Pursuant to appellants' request, a three-judge district court was constituted under 28 U.S.C. § 2281 (1958 ed.), which provides for such a tribunal whenever the enforcement of a state statute is sought to be enjoined 'upon the ground of the unconstitutionality of such statute.' The District Court, unsure of its jurisdiction for reasons appearing below, dismissed the suit on the merits3 acting both in a three-judge and single-judge capacity.4 Appeals were lodged in the Court of Appeals for the Second Circuit from the single-judge determination, and in this Court from the three-judge decision in accordance with the direct appeal statute, 28 U.S.C. § 1253 (1964 ed.). The threshold question before us, the consideration of which we postponed to the merits (379 U.S. 997, 85 S.Ct. 716, 13 L.Ed.2d 700), is whether this Court, rather than the Court of Appeals, has jurisdiction to review the District Court determination, and this in turn depends on whether a three-judge court was required. We hold that it was not.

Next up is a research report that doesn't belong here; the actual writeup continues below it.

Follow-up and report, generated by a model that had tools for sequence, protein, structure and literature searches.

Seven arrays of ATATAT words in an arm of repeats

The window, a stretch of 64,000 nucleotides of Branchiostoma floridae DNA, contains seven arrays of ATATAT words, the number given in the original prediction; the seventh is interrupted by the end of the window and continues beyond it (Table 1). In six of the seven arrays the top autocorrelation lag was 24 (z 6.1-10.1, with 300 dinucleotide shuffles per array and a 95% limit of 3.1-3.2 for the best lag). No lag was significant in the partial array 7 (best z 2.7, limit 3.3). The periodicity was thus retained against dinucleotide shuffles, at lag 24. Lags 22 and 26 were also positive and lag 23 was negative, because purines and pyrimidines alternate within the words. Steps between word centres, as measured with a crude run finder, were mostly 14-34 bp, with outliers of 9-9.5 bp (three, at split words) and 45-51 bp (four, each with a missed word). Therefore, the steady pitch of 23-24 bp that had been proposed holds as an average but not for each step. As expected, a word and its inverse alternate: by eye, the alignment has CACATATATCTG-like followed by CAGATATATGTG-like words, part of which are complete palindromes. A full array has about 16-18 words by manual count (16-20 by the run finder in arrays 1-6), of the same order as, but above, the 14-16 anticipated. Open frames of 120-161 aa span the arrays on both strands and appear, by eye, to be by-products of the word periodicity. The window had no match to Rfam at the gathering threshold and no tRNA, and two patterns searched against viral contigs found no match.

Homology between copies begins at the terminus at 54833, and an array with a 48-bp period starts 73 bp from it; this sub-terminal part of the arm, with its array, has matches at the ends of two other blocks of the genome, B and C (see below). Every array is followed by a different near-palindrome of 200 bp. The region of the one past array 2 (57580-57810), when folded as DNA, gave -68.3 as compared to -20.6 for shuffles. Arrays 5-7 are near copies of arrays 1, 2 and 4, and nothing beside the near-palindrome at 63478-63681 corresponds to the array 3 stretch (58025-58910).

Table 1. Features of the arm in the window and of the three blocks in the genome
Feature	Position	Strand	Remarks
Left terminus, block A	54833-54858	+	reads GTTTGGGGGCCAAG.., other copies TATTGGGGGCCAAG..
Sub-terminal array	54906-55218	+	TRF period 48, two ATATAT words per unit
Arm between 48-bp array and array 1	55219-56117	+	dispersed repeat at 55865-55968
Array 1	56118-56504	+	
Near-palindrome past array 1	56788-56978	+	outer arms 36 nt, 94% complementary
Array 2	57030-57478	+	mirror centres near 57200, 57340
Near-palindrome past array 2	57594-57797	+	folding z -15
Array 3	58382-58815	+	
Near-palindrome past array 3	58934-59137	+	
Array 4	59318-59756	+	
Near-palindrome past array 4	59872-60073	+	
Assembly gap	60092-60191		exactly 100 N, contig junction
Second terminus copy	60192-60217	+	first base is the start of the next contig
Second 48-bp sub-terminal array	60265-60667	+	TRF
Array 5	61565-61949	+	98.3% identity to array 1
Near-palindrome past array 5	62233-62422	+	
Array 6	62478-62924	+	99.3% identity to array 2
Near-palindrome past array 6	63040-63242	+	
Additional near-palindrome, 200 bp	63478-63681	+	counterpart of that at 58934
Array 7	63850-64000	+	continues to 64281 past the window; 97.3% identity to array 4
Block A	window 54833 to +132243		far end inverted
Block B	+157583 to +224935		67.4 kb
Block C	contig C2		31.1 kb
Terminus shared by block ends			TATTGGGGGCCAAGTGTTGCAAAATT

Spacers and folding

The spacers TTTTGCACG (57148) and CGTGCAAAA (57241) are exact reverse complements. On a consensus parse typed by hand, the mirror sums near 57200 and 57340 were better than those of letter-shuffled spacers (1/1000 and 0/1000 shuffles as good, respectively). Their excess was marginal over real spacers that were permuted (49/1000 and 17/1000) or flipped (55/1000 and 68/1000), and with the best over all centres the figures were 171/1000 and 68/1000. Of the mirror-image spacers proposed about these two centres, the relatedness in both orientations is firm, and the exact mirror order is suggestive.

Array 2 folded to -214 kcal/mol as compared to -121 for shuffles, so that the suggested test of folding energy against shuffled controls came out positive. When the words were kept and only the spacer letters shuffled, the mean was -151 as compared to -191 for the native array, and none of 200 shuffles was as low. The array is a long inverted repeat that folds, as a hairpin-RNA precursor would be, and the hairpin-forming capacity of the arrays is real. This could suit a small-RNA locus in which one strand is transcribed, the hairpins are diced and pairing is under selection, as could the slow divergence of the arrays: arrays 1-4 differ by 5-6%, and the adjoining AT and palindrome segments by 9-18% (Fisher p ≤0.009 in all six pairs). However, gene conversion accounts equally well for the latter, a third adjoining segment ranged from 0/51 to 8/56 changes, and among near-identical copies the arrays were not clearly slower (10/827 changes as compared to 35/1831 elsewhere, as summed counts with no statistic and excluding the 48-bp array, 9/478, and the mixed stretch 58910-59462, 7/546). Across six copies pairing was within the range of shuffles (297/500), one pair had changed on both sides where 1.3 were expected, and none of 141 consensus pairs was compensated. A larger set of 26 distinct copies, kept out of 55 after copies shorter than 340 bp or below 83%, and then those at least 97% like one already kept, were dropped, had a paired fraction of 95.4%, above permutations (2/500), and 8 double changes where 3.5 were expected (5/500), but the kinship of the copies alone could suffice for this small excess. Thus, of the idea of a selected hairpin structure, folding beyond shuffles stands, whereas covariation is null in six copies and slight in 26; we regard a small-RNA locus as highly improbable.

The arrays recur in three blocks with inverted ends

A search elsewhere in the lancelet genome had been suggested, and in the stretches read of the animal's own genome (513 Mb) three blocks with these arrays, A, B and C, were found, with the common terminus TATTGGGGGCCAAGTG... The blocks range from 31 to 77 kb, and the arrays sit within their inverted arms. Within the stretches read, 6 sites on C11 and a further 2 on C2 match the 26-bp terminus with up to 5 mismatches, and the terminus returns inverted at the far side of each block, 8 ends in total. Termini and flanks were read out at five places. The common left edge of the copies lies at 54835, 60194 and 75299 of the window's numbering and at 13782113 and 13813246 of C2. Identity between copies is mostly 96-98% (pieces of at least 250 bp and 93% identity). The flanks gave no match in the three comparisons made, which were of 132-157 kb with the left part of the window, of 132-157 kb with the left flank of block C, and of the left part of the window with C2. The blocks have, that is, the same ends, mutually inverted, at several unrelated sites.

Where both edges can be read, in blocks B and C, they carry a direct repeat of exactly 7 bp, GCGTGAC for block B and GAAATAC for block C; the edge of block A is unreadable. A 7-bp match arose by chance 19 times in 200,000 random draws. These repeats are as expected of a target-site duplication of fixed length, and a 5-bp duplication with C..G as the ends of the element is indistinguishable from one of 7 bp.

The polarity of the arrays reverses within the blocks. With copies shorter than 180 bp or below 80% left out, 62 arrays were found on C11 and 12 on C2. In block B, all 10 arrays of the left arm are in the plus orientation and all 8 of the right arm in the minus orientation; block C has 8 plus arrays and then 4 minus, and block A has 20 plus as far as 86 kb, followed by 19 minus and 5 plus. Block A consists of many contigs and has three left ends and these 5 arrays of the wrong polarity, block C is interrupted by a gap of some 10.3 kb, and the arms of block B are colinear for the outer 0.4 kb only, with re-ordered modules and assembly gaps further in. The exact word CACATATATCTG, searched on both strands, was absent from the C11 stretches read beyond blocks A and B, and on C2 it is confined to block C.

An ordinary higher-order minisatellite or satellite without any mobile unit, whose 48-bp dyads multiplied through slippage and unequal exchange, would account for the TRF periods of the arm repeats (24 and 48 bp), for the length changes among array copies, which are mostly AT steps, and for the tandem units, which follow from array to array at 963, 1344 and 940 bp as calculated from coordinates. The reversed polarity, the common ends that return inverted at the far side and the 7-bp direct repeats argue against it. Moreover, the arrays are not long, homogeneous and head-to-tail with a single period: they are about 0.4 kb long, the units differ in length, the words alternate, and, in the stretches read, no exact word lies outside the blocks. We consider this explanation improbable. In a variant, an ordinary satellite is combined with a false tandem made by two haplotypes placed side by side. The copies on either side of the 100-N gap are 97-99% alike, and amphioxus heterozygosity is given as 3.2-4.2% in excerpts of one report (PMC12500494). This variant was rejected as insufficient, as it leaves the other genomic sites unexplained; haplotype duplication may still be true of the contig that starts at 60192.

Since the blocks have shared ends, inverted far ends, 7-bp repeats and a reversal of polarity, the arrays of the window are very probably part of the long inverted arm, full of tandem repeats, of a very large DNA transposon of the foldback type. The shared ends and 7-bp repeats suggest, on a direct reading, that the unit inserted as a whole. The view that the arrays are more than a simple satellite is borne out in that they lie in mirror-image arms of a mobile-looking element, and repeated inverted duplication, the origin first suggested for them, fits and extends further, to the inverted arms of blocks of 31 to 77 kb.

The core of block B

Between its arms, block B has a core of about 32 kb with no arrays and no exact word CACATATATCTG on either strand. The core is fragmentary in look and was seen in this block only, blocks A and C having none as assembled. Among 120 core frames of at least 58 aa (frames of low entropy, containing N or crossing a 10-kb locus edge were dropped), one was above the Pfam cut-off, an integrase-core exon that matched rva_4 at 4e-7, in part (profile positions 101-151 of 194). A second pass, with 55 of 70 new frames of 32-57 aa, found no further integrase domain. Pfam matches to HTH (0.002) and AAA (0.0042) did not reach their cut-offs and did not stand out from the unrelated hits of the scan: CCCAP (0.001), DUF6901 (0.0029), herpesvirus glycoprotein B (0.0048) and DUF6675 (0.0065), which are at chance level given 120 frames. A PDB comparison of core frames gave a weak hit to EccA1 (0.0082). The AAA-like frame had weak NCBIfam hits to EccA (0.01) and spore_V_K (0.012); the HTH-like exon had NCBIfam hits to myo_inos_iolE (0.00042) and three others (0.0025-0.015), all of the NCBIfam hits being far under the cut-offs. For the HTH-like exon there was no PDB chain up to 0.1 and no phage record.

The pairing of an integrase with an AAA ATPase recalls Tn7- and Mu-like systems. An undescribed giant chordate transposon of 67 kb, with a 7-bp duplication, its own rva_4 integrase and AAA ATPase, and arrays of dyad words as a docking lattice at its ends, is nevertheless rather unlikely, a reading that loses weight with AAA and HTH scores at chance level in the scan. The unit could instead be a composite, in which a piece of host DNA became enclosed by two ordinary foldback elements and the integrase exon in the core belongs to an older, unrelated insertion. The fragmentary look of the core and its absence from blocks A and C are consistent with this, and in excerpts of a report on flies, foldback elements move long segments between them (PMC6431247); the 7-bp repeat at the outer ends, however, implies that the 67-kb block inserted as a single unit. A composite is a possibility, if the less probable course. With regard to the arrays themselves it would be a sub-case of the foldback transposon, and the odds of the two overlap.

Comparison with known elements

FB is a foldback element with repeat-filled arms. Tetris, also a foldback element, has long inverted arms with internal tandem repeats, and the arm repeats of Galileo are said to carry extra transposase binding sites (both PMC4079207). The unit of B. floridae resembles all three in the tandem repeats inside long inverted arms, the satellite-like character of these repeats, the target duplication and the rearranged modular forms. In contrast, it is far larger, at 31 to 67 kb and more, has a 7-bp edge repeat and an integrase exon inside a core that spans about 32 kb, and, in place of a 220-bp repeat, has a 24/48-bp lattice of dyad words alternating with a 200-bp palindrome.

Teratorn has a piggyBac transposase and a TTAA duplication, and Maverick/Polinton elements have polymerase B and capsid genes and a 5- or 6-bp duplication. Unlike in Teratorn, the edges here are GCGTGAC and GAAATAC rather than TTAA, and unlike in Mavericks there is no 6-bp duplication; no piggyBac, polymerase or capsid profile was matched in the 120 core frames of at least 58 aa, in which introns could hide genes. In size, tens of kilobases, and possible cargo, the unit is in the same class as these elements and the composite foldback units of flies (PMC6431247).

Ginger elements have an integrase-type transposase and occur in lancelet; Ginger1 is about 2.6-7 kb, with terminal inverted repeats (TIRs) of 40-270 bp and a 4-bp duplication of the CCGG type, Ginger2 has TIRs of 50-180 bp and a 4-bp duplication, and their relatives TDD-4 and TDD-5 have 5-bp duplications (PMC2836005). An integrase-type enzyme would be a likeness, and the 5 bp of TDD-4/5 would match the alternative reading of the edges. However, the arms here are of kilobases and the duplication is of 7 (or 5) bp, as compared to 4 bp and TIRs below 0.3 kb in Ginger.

At the outset, we agree with the District Court that the Commerce Clause and Fourteenth Amendment claims alleged in the complaint are too insubstantial to support the jurisdiction of a three-judge court. It has long been held that no such court is called for when the alleged constitutional claim is insubstantial, Ex parte Poresky, 290 U.S. 30, 54 S.Ct. 3, 78 L.Ed. 152; California Water Service Co. v. City of Redding, 304 U.S. 252, 58 S.Ct. 865, 82 L.Ed. 1323. Since the only remaining basis but forth for enjoining enforcement of the state enactment was its asserted repugnancy to the federal statute, the District Court was quite right in concluding that the question of a three-judge court turned on the proper application of our 1962 decision in Kesler v. Department of Public Safety, 369 U.S. 153, 82 S.Ct. 807, 7 L.Ed.2d 641. There we decided that in suits to restrain the enforcement of a state statute allegedly in conflict with or in a field pre-empted by a federal statute, § 2281 comes into play only when the Supremacy Clause of the Federal Constitution is immediately drawn in question, but not when issues of federal or state statutory construction must first be decided even though the Supremacy Clause may ultimately be implicated. Finding itself unable to say with assurance whether its resolution of the merits of this case involved less statutory construction than had taken place in Kesler, the District Court was left with the puzzling question how much more statutory construction than occurred in Kesler is necessary to deprive three judges of their jurisdiction.